Is the TIPs fund short-term? I heard that short-term is more appropriate if the prospect for higher inflation is likely. Futher, short-term is lower risk despite possible lower return than the longer-term TIPS in the long run.
 
55% in various short term bond funds
19% cash
14% TIPS mainly actual bonds
12% Misc including some individual corp and muni bonds, a little bit of high yield, a CA Muni Bond MF

Am not including a piece of a Mort on a commercial building that DW inherited.
 
I'm surprised not many people are listing a Total Bond fund among their holdings in this thread. It may not be optimal, especially in today's interest rate environment, but as a long term holding on autopilot it seems fine. My non-equity portion is 50% TBM and 50% TIPs fund. Their purpose is for diversification/non-correlation with equities - it's ok if they have some losses. I've held them for years and plan to just rebalance as necessary. Anyone see issues with this?


To me one of the problem of TBM is that it is composition has really changed since 2008 when the Fed went on it is buying spree. It is only 23% corporate and the rest is government (90% US) or agency debt. Fully 30% of the assets are in long bonds 20-30+ year issues. Anyway given the low current interest rates and the prospect of rising interest none of these seem like great assets to own.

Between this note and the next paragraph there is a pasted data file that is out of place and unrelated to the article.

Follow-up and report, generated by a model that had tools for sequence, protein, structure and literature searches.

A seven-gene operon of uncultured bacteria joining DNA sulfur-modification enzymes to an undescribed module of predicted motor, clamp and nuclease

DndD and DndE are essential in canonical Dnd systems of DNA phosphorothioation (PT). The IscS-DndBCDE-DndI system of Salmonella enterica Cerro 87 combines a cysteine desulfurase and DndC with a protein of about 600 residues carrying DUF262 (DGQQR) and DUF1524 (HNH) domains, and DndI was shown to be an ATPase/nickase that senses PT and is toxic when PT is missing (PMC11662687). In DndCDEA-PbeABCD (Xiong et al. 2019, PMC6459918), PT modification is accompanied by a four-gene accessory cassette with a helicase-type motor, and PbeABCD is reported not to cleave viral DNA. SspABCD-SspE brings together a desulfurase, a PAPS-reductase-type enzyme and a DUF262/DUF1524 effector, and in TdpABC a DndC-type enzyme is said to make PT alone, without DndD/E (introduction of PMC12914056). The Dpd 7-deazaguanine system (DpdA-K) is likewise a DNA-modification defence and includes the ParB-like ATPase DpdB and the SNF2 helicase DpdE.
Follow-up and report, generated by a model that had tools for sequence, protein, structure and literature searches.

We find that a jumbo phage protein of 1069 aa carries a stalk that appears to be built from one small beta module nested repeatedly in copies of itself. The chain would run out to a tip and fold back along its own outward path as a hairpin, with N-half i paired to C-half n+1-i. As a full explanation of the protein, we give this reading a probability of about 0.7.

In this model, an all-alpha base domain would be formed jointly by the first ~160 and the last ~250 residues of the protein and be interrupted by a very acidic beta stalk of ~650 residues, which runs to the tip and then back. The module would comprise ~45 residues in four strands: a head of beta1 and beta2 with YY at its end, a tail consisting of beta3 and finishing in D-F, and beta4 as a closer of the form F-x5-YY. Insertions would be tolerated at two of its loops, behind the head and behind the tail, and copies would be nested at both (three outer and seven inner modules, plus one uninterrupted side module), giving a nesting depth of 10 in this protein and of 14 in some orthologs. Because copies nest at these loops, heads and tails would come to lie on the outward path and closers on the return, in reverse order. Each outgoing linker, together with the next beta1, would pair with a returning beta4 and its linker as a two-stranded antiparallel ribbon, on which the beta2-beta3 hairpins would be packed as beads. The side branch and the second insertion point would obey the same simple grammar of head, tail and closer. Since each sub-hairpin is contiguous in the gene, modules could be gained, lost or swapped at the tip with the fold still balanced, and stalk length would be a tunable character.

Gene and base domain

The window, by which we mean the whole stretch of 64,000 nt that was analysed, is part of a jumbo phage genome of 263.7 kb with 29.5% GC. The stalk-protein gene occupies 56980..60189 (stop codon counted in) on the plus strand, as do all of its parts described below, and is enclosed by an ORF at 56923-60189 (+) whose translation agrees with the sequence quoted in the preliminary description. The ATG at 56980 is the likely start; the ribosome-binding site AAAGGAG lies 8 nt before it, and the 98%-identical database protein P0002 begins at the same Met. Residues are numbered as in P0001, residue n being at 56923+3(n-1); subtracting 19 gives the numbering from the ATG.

The BND current yield is 2.5% and the average duration is 5.5 years so even a 50 basis point rise in interest rates will result in small loss. I think PenFed CD, stable value funds etc. all seem like better investments.
 
I think PenFed CD, stable value funds etc. all seem like better investments.
The stable value fund in our 401K returns only 1.68% for the past 3 years. I heard that other SV funds are doing a lot better (e.g., 3+%). Is that true?
 
The stable value fund in our 401K returns only 1.68% for the past 3 years. I heard that other SV funds are doing a lot better (e.g., 3+%). Is that true?
The SV fund in our 401K has returned 2.03% for 1YR and 2.67% for 5YR but i do not use it.